PITTSBURGH, April 15, 2016 /PRNewswire-USNewswire/ -- Although there are many ways to build, enhance, and maintain neighborhoods, one way to create a sense of comfort and community is through beautification projects. This purpose brought Wounded Warrior Project® (WWP) Alumni together for a landscaping project at Veterans Place. Beyond the sod and planting, wounded veterans had the opportunity to share with residents of the homeless shelter who are learning how to get on their feet once again.
On the east side of Pittsburgh, Veterans Place permanently houses close to 50 homeless veterans. Other homeless veterans arrive daily for meals, laundry, and to receive training and counseling in preparation for gainful employment.
"The purpose of Veterans Place is to get veterans back on their feet," said Lenny Strazza, Army veteran and WWP Alumni volunteer. "Many of the veterans I visited with during the project said this place saved their lives, and they are getting jobs and the counseling they need to get back on their feet. It's great to hear about where they are now from where they were."
A sense of belonging is important for almost everyone, especially those wounded during their military service. WWP's Alumni program brings injured veterans together to build camaraderie and bond through events and programs. Through these interactions, wounded veterans learn they are not alone. The WWP Alumni program is one of 20 direct programs and services offered free of charge to wounded service members, their caregivers, and families.
Lenny feels not enough people know about WWP. "Wounded Warrior Project does a lot for wounded veterans and I try to spread the word as much as possible to other veterans and the general public."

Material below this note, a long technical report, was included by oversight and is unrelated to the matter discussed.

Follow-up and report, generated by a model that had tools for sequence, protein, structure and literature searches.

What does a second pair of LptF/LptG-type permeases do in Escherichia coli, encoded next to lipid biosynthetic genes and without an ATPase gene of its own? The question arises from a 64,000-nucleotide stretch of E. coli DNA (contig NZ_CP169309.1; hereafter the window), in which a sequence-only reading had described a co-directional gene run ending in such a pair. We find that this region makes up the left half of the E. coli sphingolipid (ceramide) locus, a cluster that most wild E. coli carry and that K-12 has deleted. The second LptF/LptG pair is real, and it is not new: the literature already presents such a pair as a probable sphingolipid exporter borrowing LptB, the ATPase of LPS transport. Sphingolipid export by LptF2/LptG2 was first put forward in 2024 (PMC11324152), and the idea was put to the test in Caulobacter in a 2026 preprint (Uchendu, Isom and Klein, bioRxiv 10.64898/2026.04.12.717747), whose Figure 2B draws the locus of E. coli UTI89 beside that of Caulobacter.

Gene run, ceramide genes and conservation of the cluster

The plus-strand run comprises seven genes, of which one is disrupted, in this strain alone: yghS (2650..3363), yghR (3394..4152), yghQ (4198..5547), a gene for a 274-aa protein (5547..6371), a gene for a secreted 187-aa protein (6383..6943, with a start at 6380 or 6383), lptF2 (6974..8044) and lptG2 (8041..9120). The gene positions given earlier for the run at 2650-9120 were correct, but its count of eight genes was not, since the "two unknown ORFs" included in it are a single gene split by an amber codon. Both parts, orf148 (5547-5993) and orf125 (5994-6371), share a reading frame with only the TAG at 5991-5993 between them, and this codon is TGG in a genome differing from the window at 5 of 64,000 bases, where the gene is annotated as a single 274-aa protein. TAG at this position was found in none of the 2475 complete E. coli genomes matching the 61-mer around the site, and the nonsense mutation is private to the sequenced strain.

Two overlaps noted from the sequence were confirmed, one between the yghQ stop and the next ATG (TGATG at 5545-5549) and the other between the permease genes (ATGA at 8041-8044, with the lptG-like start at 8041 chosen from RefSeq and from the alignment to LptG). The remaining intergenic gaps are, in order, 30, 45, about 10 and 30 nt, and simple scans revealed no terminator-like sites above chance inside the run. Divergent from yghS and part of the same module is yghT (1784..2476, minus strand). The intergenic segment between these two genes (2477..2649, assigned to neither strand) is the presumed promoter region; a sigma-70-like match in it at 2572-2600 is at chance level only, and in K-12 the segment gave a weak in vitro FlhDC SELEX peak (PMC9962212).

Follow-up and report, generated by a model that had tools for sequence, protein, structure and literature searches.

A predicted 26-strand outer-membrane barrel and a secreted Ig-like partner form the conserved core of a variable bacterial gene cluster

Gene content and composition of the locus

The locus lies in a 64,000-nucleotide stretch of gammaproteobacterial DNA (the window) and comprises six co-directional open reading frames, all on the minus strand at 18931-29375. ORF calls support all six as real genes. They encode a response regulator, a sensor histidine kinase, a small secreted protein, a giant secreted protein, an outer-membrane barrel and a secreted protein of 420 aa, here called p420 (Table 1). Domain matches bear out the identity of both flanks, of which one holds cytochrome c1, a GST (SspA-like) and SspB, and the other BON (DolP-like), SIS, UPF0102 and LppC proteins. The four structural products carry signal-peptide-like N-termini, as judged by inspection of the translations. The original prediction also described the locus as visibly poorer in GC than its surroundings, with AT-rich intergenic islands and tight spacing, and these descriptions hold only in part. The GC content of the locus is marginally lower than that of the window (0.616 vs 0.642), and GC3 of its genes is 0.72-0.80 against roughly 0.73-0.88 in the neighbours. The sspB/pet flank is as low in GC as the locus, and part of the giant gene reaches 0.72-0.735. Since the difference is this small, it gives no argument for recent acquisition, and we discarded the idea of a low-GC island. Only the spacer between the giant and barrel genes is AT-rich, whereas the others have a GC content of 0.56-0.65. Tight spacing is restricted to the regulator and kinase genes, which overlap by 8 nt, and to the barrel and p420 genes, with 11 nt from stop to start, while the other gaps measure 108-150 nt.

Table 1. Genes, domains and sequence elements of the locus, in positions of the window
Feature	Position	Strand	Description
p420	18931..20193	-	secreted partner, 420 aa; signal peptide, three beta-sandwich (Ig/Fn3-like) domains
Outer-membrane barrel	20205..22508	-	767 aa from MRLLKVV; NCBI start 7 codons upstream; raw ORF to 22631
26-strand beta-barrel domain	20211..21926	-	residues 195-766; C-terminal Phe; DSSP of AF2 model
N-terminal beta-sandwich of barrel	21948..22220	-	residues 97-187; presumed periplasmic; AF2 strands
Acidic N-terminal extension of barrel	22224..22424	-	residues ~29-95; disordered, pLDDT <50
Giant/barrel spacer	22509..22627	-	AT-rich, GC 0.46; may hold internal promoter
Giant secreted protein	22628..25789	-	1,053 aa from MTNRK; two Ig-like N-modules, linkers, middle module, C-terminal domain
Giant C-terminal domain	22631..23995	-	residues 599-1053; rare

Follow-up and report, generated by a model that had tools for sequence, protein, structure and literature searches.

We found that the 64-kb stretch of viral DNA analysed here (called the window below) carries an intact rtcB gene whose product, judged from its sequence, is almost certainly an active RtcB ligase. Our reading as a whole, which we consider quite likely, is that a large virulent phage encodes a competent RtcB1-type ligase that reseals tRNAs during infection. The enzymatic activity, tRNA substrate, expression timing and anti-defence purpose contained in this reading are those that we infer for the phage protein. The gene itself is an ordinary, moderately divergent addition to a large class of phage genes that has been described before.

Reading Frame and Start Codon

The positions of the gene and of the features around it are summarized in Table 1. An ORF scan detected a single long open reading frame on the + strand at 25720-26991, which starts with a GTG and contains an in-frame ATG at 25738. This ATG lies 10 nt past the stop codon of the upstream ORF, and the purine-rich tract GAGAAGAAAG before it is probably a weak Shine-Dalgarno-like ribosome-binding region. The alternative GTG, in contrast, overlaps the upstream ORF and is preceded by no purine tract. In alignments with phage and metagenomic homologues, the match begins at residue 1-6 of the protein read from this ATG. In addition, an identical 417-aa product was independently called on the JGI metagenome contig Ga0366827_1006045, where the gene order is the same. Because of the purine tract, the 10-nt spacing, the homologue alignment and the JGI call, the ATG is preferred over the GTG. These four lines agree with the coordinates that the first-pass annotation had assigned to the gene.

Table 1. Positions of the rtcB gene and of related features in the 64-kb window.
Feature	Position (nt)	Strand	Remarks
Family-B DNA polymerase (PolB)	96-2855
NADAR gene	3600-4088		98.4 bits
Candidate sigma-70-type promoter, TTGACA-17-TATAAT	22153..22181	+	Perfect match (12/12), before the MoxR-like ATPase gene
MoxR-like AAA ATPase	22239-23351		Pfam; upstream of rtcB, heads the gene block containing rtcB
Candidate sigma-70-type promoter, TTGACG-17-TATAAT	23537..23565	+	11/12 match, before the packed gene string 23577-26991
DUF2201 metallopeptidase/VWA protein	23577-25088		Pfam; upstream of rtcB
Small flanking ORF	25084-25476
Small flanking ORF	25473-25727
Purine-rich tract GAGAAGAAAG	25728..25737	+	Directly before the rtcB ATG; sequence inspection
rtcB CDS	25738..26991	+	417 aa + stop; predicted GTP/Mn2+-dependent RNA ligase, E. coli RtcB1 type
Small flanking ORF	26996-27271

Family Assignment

Not having extensive landscaping experience, Lenny said he learns from others at WWP Alumni events. "This project was mostly outside work and one of the great things about these type of events is that you can always learn from others and take this knowledge with you."
A Purple Heart Memorial in front of Veterans Place is flanked by two small hills that were in desperate need of some attention. WWP provided the landscaping materials and WWP staff and Alumni worked to make the area come to life.
Lenny said, "We worked to beautify the living standards for these veterans; the landscaping is a two part project we'll be finishing later this month."
"Being a wounded and disabled vet, I like to do what I can for other veterans," Lenny said. "I participate in community projects with WWP as much as possible. The opportunity to help at Veterans Place was inspiring, but the lunch and sharing time with veterans living there was the best part of the day."
After the day's labor, WWP provided lunch for Alumni and some of the homeless veterans and staff of Veterans Place.
"We could have just water and potato chips for lunch and it would have been time well spent," Lenny commented. "Taking the time to socialize was far more important than the actual landscaping, and we look forward to heading back for the second half of the project later this month. For the veterans going through a transition and staying at Veterans Place, it's a welcome chance to interact with veterans from outside of the home."
Through a high-touch and interactive approach, the WWP vision is to foster the most successful, well-adjusted generation of wounded service members in our nation's history. More than 100,000 wounded veterans, caregivers, and family members receive access to WWP programs and services, all of which are free of charge.
In February 2016, WWP served 5,367 wounded veterans and family support members through economic empowerment programs which include Benefits Service and Warriors to Work®; the latter of which matches skills with employers, helps injured service members with their resumes and prepares them for interviews. Learn more on WWP's economic empowerment programs at https://www.woundedwarriorproject.org/programs.
About Wounded Warrior Project
The mission of Wounded Warrior Project® (WWP) is to honor and empower Wounded Warriors. WWP's purpose is to raise awareness and to enlist the public's aid for the needs of injured service members, to help injured servicemen and women aid and assist each other, and to provide unique, direct programs and services to meet their needs. WWP is a national, nonpartisan organization headquartered in Jacksonville, Florida. To get involved and learn more, visit woundedwarriorproject.org.
SOURCE Wounded Warrior Project